Capturing data using crowdsourcing, to elicit examples of observed food marketing. Crowdsourcing has been used to generate evidence on other aspects of food environments, including price and labelling [21, 22]. Through a bespoke mobile application/website, contributors can upload marketing images, with meta-data embedded in digital photographs allowing identification of time and place.

  3. 3.

    Identifying case examples of local marketing campaigns from food company reports or webpages. Boelsen–Robinson et al. collated data on marketing techniques used by leading food brands by auditing company-owned social media pages, websites and applications [23]. Industry databases of marketing campaigns are available (e.g. World Advertising Research Centre), although they require paid subscriptions.

Table 1 Objectives of, and approaches to, food marketing monitoring across stages of the policy cycle

In contrast, detailed assessments of media are resource- and time-intensive and incur opportunity costs of delay as policy is stalled, while data are collected. Detailed assessments of TV advertising have typically captured many hundreds of hours of broadcasting, spanning most of the day, many channels, across months or even a year. Such detailed assessments of marketing on single media (often TV) syphon resources and may impede evidence on other media and settings. This can propagate narrow policy debate focused on single media, rather than applying comprehensively across media as recommended in global mandates [11]. However, such detailed assessments may be required by some governments before the policy can be designed. Regardless of the scope of data collection, efforts should seek to capture marketing across media and settings to guide comprehensive policies.

At later stages of policy progress, detailed assessments of marketing across media and settings are required to evaluate the impact of policies on reducing marketing exposure and power. This includes gathering existing data or collecting new data prior to policy implementation to provide baseline information and repeating data collection using the same methods and measures after policy implementation. The UK Office of Communications captured data on child exposures to TV food advertising prior to (2005) and following (2008, 2009) the implementation of regulations [24]. Similarly, detailed assessments of TV food advertising were undertaken in Chile, comparing rates of unhealthful food advertising before and 1 year after the implementation of regulations [25]. To guide the monitoring approach, a Monitoring and Evaluation Framework is ideally developed during policy formulation to accompany the future policy. This would outline priority media/settings, the frequency of data collection and key indicators.

During policy implementation, ongoing monitoring is necessary to assess compliance and enforce the policy. Monitoring should involve ongoing collection of data on policy violations by trained data collectors using standardised forms. Such a system is recommended in the WHO and UNICEF NetCode protocols for monitoring marketing of breast-milk substitutes [26].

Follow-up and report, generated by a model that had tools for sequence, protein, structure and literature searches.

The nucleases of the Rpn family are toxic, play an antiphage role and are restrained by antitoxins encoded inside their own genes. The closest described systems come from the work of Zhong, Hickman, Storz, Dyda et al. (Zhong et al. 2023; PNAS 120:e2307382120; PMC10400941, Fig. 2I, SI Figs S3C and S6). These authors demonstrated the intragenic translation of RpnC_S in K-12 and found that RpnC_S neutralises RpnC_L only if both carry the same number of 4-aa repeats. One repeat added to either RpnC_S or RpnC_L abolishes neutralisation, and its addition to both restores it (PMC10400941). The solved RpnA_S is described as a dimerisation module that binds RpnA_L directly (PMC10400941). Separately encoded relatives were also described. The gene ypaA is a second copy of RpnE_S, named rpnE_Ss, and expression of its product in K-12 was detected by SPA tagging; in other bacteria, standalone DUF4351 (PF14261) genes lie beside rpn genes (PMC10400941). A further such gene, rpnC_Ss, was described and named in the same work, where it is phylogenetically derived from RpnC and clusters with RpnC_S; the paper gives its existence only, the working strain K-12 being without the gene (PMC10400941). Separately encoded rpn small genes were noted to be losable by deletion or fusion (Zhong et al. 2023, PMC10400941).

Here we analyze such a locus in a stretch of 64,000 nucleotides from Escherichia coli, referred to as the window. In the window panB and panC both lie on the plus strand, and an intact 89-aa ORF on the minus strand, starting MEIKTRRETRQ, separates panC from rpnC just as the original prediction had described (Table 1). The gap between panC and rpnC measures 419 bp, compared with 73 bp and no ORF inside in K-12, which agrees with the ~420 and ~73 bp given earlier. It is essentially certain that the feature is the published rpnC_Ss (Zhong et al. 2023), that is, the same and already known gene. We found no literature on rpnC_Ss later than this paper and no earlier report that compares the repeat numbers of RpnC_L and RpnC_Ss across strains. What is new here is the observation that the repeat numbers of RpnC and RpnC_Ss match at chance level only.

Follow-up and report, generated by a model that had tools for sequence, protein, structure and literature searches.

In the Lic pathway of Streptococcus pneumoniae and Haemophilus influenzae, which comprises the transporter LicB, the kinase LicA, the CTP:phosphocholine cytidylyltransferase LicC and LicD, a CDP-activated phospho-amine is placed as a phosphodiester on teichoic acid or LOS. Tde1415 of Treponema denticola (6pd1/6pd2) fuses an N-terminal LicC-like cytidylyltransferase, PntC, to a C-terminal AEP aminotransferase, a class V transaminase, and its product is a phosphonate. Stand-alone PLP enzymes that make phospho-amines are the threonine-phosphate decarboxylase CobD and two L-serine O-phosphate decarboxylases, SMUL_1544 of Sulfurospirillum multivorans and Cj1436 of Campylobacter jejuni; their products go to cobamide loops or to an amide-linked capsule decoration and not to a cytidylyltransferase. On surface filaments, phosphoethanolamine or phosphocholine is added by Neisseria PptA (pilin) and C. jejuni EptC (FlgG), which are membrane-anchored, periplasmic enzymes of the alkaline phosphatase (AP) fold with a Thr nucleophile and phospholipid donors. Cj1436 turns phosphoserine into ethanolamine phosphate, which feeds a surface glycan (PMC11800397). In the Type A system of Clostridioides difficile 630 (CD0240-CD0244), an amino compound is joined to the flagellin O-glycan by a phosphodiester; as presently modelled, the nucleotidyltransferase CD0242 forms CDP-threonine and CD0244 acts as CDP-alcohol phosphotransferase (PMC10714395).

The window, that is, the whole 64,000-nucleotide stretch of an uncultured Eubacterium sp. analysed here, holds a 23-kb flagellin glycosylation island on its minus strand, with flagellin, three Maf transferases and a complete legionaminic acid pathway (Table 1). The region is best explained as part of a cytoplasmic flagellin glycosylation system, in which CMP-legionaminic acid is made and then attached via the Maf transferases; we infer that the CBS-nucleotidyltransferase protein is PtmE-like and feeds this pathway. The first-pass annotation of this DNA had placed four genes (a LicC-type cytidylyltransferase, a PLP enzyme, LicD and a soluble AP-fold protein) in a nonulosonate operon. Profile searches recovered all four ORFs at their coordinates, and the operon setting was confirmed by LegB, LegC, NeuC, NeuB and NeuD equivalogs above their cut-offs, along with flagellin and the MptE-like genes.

Regarding policy review, attribution of any changes in the outcomes is challenging due to the absence of a counterfactual or control group. Before–after studies and interrupted time series studies can mitigate this challenge, with the latter preferred to account for underlying secular trends.

Assessing Food Marketing Exposure

There is a spectrum of approaches for quantifying children’s food marketing exposure (Table 2). This includes methods that:

  1. 1.

    Assess potential marketing exposure by undertaking content analyses of media/settings frequently accessed by children.

  2. 2.

    Combine content analyses with information on children’s use of media/settings to give estimated marketing exposures.

  3. 3.

    Assess actual marketing exposures through observations and real-time data capture.

Table 2 Methods for quantifying children’s food marketing exposure

A review of studies assessing children’s food marketing exposure identified 118 studies published in 2009–2020 [12••]. Most studies had assessed potential exposure and were conducted in high-income countries and almost half focused on TV advertising. More recent studies assessed children’s potential marketing exposure in online social media (e.g. [33, 34]). Social media attracts huge audiences of young users and applies immersive techniques to integrate marketing in online content [35]. Studies quantifying children’s potential exposures to food marketing online have typically identified food brand social media pages most popular with children using social media analytics or the top selling food brands’ pages. Content was then assessed for themes of appeal to children (e.g. humour) and the use of persuasive marketing techniques (e.g. interactive games). These studies highlight the marketing techniques used by food brands on popular social media and suggest potential targeting of children, given the marketing appeals used and the audience profile.

Studies assessing children’s estimated or actual exposure to food marketing are less common but may provide a more convincing account of children’s marketing environments. Estimated exposure is assessed by comparing analyses of media content against data on children’s media use. Data on media use may be available for a group (e.g. media audience/viewership data) or for individuals (e.g. media diaries, questionnaires). In the UK Government’s evaluation of its 2007 regulations restricting TV advertising of foods high in fat, sugar and salt (HFSS), average daily audience data for children were obtained for each half hour timeslot [24]. This was multiplied by the number of HFSS advertisements for timeslots to derive ‘HFSS impacts’ (views). For online media, studies have accessed information on hours of brand content watched by users from social media analytics data [36]. In some streaming sites, livestream video content with embedded marketing is uploaded to ‘streamers’ (curators’) pages. In one study, data on the number of hours of exposure to food branded content on the top 100 streamers’ pages were used to estimate hours of exposure to branded messages by users [36].